Before my friend visited me, he proudly told me about how he’d tried to learn a few “essential” phrases from some phrasebook he found. He said something unintelligible that was supposed to be “Can you speak English?” I laughed and told him not to bother, because there’s an easier way to see if someone speaks English— ask them in fucking English.
To his credit, the sentence may have been intelligible, but if it it was, it must have been something much wordier than the simple “영어 말해요?” Which is also part of my point.
The way I see it, phrasebooks should be aimed at tourists, people who aren’t really trying to learn a whole language but who want to be able to communicate enough to get by. Yet consistently, they pull shit like the above, teaching long, complex versions of phrases you can easily do without to begin with. When my dad visited, I taught him how to ask for the bathroom before I taught him hello, and I didn’t even bother with “화장실 어디에요?”— “화장실” on its own sufficed. I don’t understand why phrasebooks ignore these simple, beginner’s short-cuts.
I mean, sure, they can and should throw some niceties like “Nice to meet you!” and “What’s the weather like?” in there, but don’t put them right in the front of the damn book. There are smiles and windows that can probably take care of that if necessary. Put them in the back, and keep the “survival” language skills you’ll probably actually use at the front— saying “thank you,” ordering food, directing a taxi, saying where you’re from, asking how much something costs…
Now, textbooks are another animal. They’re for people who actually want to learn to speak the language, I’d assume, for the kind of people who do really want to know how to ask if someone has any children or what time it is without resorting to miming it out. However… you’d still think they’d put the more common stuff at the front. Since it’s more useful.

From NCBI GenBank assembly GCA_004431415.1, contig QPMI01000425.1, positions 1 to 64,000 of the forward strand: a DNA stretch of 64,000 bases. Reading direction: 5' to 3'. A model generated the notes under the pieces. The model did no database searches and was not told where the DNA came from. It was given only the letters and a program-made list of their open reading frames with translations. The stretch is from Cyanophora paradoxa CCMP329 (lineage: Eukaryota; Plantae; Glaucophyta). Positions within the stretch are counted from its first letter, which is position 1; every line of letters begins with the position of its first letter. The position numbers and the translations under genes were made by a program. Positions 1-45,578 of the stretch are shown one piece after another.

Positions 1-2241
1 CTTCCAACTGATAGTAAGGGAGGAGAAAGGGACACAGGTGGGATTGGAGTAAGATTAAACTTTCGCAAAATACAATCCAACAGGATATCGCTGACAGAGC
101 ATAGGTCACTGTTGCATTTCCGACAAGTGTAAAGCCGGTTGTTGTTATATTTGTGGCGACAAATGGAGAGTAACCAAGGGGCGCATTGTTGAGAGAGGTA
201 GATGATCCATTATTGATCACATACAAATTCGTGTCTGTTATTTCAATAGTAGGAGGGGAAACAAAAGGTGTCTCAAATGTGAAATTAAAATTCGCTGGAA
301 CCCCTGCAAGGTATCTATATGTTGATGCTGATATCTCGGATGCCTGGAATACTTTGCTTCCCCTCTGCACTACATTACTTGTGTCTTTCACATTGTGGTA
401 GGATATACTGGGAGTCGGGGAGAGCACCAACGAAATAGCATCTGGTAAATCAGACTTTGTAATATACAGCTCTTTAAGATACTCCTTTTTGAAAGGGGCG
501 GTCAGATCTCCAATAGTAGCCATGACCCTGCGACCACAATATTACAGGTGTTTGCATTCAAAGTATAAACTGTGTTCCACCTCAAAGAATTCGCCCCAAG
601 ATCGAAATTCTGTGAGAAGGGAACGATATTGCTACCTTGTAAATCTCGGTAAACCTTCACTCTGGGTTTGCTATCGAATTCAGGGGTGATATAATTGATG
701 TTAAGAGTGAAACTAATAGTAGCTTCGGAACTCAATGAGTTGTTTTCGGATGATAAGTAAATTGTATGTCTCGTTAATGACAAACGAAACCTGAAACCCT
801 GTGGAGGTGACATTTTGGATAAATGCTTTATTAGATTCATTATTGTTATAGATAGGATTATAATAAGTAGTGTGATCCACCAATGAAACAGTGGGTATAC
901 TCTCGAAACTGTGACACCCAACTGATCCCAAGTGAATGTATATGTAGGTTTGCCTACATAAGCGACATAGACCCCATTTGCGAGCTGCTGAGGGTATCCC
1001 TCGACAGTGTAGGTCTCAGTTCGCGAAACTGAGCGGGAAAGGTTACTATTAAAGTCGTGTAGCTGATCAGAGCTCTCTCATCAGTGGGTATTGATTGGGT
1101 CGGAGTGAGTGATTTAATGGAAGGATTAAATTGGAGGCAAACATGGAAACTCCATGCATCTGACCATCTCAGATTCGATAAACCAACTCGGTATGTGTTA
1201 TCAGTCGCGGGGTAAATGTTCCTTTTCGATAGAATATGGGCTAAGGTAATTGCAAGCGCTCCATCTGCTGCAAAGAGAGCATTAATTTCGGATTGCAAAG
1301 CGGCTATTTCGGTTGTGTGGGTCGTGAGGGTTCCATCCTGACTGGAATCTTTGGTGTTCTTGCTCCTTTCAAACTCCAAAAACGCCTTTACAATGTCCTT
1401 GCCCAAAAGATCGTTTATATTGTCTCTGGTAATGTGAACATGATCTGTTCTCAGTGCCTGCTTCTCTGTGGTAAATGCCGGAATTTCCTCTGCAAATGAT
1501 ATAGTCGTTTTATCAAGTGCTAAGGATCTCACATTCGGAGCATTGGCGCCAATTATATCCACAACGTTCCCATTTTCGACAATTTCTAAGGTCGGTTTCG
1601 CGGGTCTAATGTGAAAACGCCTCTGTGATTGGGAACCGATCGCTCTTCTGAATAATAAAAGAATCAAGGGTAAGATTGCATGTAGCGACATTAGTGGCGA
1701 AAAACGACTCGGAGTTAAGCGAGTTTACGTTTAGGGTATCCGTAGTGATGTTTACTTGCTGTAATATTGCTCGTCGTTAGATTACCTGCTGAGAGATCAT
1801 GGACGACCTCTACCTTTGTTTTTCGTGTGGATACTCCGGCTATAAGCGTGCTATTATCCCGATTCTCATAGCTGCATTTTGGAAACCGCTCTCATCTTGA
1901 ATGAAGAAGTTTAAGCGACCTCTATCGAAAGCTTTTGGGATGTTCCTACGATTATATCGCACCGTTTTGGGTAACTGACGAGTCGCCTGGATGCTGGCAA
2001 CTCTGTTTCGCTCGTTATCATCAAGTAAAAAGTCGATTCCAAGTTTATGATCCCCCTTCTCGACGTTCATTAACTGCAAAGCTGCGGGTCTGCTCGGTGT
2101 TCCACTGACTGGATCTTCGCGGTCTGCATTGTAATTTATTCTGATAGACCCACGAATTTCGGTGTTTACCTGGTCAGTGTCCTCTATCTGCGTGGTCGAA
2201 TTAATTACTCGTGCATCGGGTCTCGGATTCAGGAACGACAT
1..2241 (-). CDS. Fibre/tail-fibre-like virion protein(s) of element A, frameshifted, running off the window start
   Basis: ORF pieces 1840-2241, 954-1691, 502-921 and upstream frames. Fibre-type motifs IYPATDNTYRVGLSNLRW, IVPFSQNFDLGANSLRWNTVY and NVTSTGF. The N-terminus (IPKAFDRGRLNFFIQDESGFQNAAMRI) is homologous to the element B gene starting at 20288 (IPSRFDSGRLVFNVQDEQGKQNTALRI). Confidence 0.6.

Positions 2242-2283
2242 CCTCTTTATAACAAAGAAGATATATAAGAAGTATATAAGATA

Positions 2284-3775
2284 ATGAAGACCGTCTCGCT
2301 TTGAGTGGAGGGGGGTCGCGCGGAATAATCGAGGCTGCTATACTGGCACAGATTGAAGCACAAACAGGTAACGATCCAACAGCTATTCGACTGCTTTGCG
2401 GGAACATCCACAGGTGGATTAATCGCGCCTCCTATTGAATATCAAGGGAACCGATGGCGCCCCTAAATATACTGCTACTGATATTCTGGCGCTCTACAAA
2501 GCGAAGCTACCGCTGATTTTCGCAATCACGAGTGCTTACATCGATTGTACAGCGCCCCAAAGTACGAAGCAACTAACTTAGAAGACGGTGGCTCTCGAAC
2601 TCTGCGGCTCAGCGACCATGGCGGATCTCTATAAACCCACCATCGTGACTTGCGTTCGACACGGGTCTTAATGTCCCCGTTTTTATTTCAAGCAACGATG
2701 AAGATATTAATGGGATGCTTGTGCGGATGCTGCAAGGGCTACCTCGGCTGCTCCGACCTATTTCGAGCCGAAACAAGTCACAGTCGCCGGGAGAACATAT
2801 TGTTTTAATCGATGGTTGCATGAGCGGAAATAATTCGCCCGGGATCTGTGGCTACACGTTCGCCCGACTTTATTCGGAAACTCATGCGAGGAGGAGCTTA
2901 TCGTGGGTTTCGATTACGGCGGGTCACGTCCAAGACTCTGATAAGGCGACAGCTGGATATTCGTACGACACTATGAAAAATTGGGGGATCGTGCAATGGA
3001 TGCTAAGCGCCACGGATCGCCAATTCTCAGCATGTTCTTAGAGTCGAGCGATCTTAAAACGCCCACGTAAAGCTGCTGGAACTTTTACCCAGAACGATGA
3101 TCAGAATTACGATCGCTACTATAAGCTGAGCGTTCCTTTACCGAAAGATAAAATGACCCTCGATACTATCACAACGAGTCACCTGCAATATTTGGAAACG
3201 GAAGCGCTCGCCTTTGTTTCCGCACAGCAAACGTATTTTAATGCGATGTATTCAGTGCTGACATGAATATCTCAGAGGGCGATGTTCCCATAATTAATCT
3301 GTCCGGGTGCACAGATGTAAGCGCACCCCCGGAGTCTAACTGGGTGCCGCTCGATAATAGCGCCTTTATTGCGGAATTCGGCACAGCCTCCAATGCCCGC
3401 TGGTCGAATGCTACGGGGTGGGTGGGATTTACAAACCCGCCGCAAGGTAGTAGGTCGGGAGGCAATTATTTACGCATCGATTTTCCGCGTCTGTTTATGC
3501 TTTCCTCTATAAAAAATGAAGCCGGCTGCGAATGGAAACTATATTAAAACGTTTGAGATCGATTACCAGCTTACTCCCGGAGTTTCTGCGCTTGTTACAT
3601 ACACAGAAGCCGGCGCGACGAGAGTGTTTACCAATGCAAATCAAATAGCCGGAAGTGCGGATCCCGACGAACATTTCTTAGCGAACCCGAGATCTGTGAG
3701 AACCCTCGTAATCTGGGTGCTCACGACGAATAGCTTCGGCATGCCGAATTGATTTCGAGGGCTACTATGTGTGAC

Yet today I was flipping through my Korean textbook and came across the lesson on asking how much something costs, which went over ordering food, shopping, and how Korean money works— aka, language skills I use every damn day. What chapter was this? 10. That’s right, TEN. Right after the chapter on asking “What time do you usually go to school?” and “When is your birthday?”
I suppose there are people somewhere who want to learn a language with no real interest in ever going to the country of origin. Maybe they have a friend they want to chat with, or just find it interesting. That’s cool. It can happen. But is it so common that more people think to themselves, “Ah, thank god I just learned how to ask for when someone’s birthday was, otherwise this would be so confusing!” instead of “Thank god I just learned how to order food at a restaurant in a way that doesn’t make me look like a mute idiot!”
I guess there’s probably some grammatical reason for the textbook stuff, and I should just start skipping around in the book a bit more rather than going straight through. But I stand by the phrasebook thing. That shit doesn’t make a single ounce of sense.